The Swiss Federal Communication Commission has recently auctioned off its frequencies to the three main telecommunications operators in Switzerland: Swisscom, Sunrise and Orange for the sum of $1.1 billion. This will pave the way for the use of modern mobile technologies such as LTE (Long Term Evolution), better known as “4G”. This new technology is the fourth generation of wireless communication that would provide a comprehensive and secure broadband system for laptop computers’ wireless modems, smart phones and other cellular devices and support ultra-broadband Internet access, gaming service, streamed multimedia and other services. (Ref. Tribune de Genève article.)
According to Tracey-Lee Dorny, Chairperson of the Electromagnetic Radiation Research Foundation of South Africa, 4G technology has higher penetration levels into buildings and “therefore into our bodies”. 4G is being rolled out in order to sell a whole new generation of wireless gadgets to consumers. She believes that the testing of 4G is “scorching” trees in her garden and the surrounding area and is the source of growing reports of illnesses, including tinnitus, headaches, shooting pains, nausea and dizziness in the suburbs of Johannesburg where the trials are being conducted. (Ref. "Cellphone Masts Damaging our Brains?")
In 2011, the health and environmental protection ministries of Israel opposed the introduction of 4G technology because they believe radiation emissions are problematic for public health. “The new technology is likely to increase the public’s overall exposure to radiation, and therefore, further study of the need and justification for this technology is required”, states an article from Haaretz.com. Israel will most likely also vote into law a requirement for all mobile phones sold in the country to bear a health-hazard label.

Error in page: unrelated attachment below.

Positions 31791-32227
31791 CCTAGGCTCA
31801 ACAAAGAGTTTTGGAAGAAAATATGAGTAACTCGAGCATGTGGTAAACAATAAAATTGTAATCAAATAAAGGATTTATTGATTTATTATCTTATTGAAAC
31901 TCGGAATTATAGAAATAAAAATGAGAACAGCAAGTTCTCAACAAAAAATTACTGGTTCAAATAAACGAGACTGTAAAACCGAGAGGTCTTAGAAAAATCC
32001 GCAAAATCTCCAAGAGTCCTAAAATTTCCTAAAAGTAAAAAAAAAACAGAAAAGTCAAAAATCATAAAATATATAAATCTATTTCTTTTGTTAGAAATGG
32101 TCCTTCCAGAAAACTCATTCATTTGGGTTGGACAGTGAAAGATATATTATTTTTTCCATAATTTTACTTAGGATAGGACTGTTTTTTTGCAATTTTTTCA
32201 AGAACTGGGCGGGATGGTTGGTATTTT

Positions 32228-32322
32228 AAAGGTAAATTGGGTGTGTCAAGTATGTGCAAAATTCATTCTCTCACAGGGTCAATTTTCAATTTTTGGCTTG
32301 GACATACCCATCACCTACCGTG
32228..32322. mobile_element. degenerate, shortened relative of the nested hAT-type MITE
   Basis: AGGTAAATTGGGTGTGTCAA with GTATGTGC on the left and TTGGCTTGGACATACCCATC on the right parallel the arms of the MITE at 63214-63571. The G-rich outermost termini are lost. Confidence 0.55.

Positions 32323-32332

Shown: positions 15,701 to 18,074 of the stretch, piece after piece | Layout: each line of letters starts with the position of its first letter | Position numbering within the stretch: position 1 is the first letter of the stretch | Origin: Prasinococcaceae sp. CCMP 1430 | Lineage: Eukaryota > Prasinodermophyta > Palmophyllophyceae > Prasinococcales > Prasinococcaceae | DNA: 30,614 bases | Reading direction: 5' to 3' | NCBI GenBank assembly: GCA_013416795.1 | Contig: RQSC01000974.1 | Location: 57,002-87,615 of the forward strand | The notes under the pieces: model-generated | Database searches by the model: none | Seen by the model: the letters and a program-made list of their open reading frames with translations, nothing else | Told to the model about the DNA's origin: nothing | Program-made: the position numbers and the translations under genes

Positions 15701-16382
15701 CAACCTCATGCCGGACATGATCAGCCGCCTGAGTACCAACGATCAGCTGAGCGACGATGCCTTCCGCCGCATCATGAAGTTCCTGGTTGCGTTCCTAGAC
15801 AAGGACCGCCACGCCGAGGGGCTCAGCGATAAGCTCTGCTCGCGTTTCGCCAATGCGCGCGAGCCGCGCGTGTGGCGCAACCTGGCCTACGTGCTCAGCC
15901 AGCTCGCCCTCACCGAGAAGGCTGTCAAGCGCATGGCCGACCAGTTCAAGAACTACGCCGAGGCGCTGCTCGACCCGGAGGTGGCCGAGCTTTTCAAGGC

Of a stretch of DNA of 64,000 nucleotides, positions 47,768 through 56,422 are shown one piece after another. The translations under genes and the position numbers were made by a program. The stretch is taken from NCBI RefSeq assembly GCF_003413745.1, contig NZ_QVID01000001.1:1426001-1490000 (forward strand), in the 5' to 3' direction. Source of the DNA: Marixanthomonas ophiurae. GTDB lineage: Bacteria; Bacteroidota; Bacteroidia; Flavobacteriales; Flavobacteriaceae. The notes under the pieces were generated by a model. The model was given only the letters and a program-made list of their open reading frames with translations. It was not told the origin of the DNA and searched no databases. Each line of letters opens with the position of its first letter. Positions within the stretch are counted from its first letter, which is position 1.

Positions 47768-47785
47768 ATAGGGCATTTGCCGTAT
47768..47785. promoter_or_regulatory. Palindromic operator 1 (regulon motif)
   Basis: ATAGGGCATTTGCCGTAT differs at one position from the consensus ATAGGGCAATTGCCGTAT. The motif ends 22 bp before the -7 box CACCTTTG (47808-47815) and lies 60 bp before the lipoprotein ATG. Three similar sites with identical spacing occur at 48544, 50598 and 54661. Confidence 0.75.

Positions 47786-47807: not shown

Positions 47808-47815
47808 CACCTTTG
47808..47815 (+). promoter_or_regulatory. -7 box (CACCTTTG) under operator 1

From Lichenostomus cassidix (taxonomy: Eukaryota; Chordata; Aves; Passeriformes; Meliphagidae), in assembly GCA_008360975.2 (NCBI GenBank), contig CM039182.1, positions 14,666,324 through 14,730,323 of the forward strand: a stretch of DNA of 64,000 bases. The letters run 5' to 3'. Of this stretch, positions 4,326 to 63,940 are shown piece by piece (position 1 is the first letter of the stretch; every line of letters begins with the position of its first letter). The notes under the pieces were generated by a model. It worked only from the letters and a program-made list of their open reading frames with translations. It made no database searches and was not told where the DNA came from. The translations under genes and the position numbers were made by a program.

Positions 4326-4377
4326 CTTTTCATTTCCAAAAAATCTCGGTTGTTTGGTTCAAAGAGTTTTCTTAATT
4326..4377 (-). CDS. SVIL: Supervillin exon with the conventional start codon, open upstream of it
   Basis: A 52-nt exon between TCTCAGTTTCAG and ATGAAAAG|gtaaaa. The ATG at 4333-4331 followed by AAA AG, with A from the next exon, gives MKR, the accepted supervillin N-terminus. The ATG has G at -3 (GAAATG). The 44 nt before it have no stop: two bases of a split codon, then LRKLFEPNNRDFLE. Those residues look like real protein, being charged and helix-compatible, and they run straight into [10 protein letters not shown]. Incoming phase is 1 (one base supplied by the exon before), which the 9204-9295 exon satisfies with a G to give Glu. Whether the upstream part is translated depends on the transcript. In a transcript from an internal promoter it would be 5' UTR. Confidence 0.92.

4G technology can transmit information 1,000 times faster than existing cellular technology. “That requires a higher power output by each transponder, and therefore, there will be an increase in radiation as well, unless a transmission station is set up in every house,” said Dr. Stelian Gelberg, head of the Environmental Protection Ministry’s radiation and noise department. He says public hearings are needed to examine the significance of and justification for using this technology. For example, “it might be justified if it improved doctors’ access to vital medical information, but not if it merely enabled someone to watch a popular television show on their cell phone,” said Dr. Gelberg.
The Israeli Ministry plans to propose that fiber-optic networks be used to transmit data for 4G systems instead of building additional transponders or combine transponders and fiber-optic networks which would also reduce exposure to hazardous radiation. Let’s hope that the Swiss telecoms operators opt for fiber-optic networks for 4-G systems.
by Meris Michaels
by Meris Michaels